Installations & Photography...Overview of select public art installations from multimedia exhibitions
The images below are from Braille Constellation, Seeing in the Dark, an installation originally in the 2016 at the Portland Winter Light Festival (and again asked to return in the 2020 event) of hundreds of LED puck lights placed a Braille pattern to spell out a quote from French World War II pilot and author Antoine de Saint-Exupery: “I, too, in this flight, am renouncing things. I am giving up the broad golden surfaces that would befriend me if my engines were to fail. I am giving up the landmarks by which I might be taking my bearings. I am giving up the profiles of mountains against the sky that would warn me of pitfalls. I am plunging into the night. I am navigating. I have on my side only the stars.” The quote is about his use of celestial navigation while flying at night over the Sahara Desert delivering mail to troops. The decision to focus on Braille is partly because spelled out with lights, it is simply beautiful. It also looks like stars, and I like the idea of inversion of sky and earth. I am also interested for this project as a light artist in the interplay between light and lack of light, in the metaphorical implications of sight, and when it is limited, or dark, how do we find the light and understanding. Meaning is in our interpretation, which is in formed by our abilities, our access to our five senses, our prejudices, our history, our hopes. Braille are letters seen by touch. When a sighted person reads Braille, they feel raised dots.
This project explores ideas of perspective, of seeking light, of our reliance on habits and our five senses for navigation and understanding of ourselves and of each other. It’s about beauty in the things we don’t understand (such as a sighted person seeing a groundcover of lights in Braille, initially not seeing words or literal meaning, but rather abstracted visual and emotional meeting in the light patterns piercing the dark, stars on the earth). It’s about looking beyond the surface to discover deeper meanings. Interpreting. Honing our senses. To see what’s there when we don’t rely on our first impulse or the buffer of familiarity.
It’s about starting over and learning a new navigation system when all is lost and one must start all over again without the compass they are used to. Stars could be words; words could be stars; sky could be earth; you could be me.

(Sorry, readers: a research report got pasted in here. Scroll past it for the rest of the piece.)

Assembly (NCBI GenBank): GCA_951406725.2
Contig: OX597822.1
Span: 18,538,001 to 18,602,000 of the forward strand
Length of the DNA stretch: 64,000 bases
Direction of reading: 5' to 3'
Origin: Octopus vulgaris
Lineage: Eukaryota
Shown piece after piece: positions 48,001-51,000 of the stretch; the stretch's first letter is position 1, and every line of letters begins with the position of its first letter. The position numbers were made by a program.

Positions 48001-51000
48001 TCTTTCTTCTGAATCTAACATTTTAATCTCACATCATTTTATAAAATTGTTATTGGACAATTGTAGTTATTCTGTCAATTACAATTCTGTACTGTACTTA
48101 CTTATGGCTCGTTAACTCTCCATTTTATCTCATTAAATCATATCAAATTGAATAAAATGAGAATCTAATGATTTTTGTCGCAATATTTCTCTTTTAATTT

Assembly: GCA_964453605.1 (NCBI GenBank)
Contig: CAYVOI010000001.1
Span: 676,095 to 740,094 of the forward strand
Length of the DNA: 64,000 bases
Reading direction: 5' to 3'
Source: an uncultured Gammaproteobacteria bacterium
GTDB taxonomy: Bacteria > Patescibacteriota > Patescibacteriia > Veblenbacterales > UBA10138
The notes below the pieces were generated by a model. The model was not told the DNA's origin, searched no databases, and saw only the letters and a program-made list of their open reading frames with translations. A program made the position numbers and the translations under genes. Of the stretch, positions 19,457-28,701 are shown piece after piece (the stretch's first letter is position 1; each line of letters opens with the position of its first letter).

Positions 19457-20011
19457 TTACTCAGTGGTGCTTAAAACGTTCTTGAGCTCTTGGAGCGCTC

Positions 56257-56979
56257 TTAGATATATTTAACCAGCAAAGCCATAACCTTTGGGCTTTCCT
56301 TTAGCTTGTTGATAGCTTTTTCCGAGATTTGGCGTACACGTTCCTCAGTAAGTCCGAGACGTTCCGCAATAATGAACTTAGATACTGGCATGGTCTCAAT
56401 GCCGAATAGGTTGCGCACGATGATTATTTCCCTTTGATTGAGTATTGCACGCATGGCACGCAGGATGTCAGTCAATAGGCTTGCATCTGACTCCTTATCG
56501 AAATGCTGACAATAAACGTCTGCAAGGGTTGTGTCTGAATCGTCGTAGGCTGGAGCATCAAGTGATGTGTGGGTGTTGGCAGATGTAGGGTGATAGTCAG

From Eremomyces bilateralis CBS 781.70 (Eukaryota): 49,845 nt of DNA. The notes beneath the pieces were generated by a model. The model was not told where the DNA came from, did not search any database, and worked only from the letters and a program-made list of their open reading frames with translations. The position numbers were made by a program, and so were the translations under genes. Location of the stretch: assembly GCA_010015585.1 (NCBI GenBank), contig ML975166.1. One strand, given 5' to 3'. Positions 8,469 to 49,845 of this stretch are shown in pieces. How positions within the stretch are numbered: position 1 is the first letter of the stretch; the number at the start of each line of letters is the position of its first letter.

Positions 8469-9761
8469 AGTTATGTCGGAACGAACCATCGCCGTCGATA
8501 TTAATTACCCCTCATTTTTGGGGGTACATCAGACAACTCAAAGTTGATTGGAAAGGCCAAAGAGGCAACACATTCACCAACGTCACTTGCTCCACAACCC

The images below are from Patterns Are For Breaking, a video installation presented at the Portland Winter Light Festival in 2017.Between river and sky are fractals–never-ending patterns, infinitely complex, recurring, similar at varying scales. They are created by repetition of a simple process–complex outcome from repetition of simplicity. Fractals are feedback loops of imagery that manifest in pretty much everything–from our own replicating cells and neurons, to the branching of trees, snowflakes, lightening, river and erosion patterns, to galaxy formation. Because their value is unpredictable, they are chaotic systems. In their manifestation, they are chaos being ordered–or at least re-arranged– into beautiful abstractions. Indeed, fractals are considered the visual images of dynamic systems, the pictures of the Chaos Theory. We are built of memories. We are continually metamorphosized by the never-ending onslaught of change that adult life delivers, that we remember, reinterpret. It could be said that the human experience is the Chaos Theory enacted. We are living the same looping patterns that The Godfathers immortalized: Birth, School, Work, Death, and yet every single one of our experiences that fill this space between land and sky is unique. Our experiences and memories build on themselves to affect who we are, and in this way we are dynamic recursions of intellect and nature, things in our control, out of our control, habits, and patterns. Video feedback produces light beams with a cross-section that is a fractal pattern. Video feedback is where video artistry began, in the 1960s in Greenwich Village. It is old school analog, and we are bringing it forward to the current to discuss and to show in light, this imagery as metaphor for the unique, chaotic, beautiful, unpredictable process of living. The imagery was created with video feedback from two camcorders, mirrors, toys, children’s plastic jewelry, the Willamette River, and the people attending the festival. Patterns are for breaking. Are for exploding into color and shape with the help of light. Are for not knowing how or why things happen but accepting they do, they will. And sometimes it’s beautiful, and sometimes it’s so bright it blinds us, sometimes it hurts, other times it illuminates the dark parts of ourselves, sometimes it’s all we’ve got.